TitleThe economics of return migration
NameBiavaschi, Costanza (author), PIEHL, ANNE MORRISON (chair), Klein, Roger W (internal member), Moehling, Carolyn (internal member), Rodgers, William M (outside member), Rutgers University, Graduate School - New Brunswick,
Return migration--Puerto Rico,
United States--Emigration and immigration—Economic aspects,
Puerto Rico--Emigration and immigration—Economic aspects
DescriptionThis dissertation focuses on the importance of return migration for the sending and the receiving economies. Although an extensive literature has analyzed immigration, much less is known about the immigrants who choose to leave the host country and to return to their home country. Who are these returnees? What is the impact of this outflow of migrants on the host country labor market equilibrium? Using a dataset constructed from the Annual Reports of the Immigration and Naturalization Services, Chapter 2 studies the outflow of migrants from the U.S. between 1908 and 1957, and the impact of international labor movements on the U.S. labor market. Between 1900 and 1930 the outmigrants were primarily low skilled workers, although in the subsequent decades the outmigrants are progressively drawn from skilled occupations. This outflow is counter-cyclical, and partially reduces the labor market impact of the inflow of migrants. The third chapter analyzes the importance of self-selectivity in return migration from both the host country and the source country perspective. I study the nature of the selection process in return migration and in labor force participation of persons born in Puerto Rico (source economy) who return from the U.S. mainland (destination economy). Return migrants are negatively selected both in terms of observable and unobservable traits. Therefore, selective return migration persistently causes an underestimation of the wage process of the stayers in the U.S. The findings suggest that Puerto Ricans are able to sort across alternative locations based on their comparative advantage in each market. The fourth chapter studies the return choice of a cross-section of Mexican immigrants. In particular, it asks what would the immigrant wage distribution be in the absence of return migration. The overarching problem of this chapter is the development of a consistent estimator for this wage distribution. A semiparametric procedure is proposed. Mexican returnees are found to be middle to high wage earners, and return seem therefore to happen once individuals have reached their desired goals in the host country. In the absence of return migration the immigrant-native wage gap would be closing.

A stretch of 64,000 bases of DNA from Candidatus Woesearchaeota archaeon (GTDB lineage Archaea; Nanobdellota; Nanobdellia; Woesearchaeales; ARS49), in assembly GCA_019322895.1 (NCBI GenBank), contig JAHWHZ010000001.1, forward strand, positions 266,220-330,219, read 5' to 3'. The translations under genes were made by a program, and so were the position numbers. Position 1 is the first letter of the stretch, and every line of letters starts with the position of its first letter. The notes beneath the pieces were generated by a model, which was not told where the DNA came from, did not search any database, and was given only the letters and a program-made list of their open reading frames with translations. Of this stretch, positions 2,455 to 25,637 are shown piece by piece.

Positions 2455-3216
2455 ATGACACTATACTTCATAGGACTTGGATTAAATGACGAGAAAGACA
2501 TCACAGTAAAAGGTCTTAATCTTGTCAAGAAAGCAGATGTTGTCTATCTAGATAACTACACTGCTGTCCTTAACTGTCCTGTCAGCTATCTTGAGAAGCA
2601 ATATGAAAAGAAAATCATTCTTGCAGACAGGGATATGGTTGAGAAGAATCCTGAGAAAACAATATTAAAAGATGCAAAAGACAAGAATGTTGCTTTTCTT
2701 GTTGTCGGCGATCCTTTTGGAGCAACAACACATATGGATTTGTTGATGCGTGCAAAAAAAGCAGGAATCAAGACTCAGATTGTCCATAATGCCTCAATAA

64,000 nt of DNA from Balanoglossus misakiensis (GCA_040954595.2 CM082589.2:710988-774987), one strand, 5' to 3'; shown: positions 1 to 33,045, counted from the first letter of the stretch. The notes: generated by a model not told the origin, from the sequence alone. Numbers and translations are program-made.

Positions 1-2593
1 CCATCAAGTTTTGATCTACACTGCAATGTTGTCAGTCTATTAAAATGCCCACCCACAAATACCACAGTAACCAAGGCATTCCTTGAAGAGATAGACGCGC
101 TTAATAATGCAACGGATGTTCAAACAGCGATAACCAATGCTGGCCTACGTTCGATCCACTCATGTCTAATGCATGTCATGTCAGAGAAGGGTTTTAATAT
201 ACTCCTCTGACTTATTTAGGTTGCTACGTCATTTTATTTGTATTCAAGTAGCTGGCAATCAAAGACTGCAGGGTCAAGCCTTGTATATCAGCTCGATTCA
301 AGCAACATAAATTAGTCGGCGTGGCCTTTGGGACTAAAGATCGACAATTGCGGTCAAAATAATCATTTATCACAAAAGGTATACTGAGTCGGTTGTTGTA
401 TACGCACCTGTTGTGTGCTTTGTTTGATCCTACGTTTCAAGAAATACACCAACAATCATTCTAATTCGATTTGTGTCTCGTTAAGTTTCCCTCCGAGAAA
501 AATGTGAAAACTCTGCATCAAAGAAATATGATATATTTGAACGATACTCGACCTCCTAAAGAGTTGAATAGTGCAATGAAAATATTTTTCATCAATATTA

NoteIncludes bibliographical references
Noteby Costanza Biavaschi
CollectionGraduate School - New Brunswick Electronic Theses and Dissertations
Organization NameRutgers, The State University of New Jersey
RightsThe author owns the copyright to this work.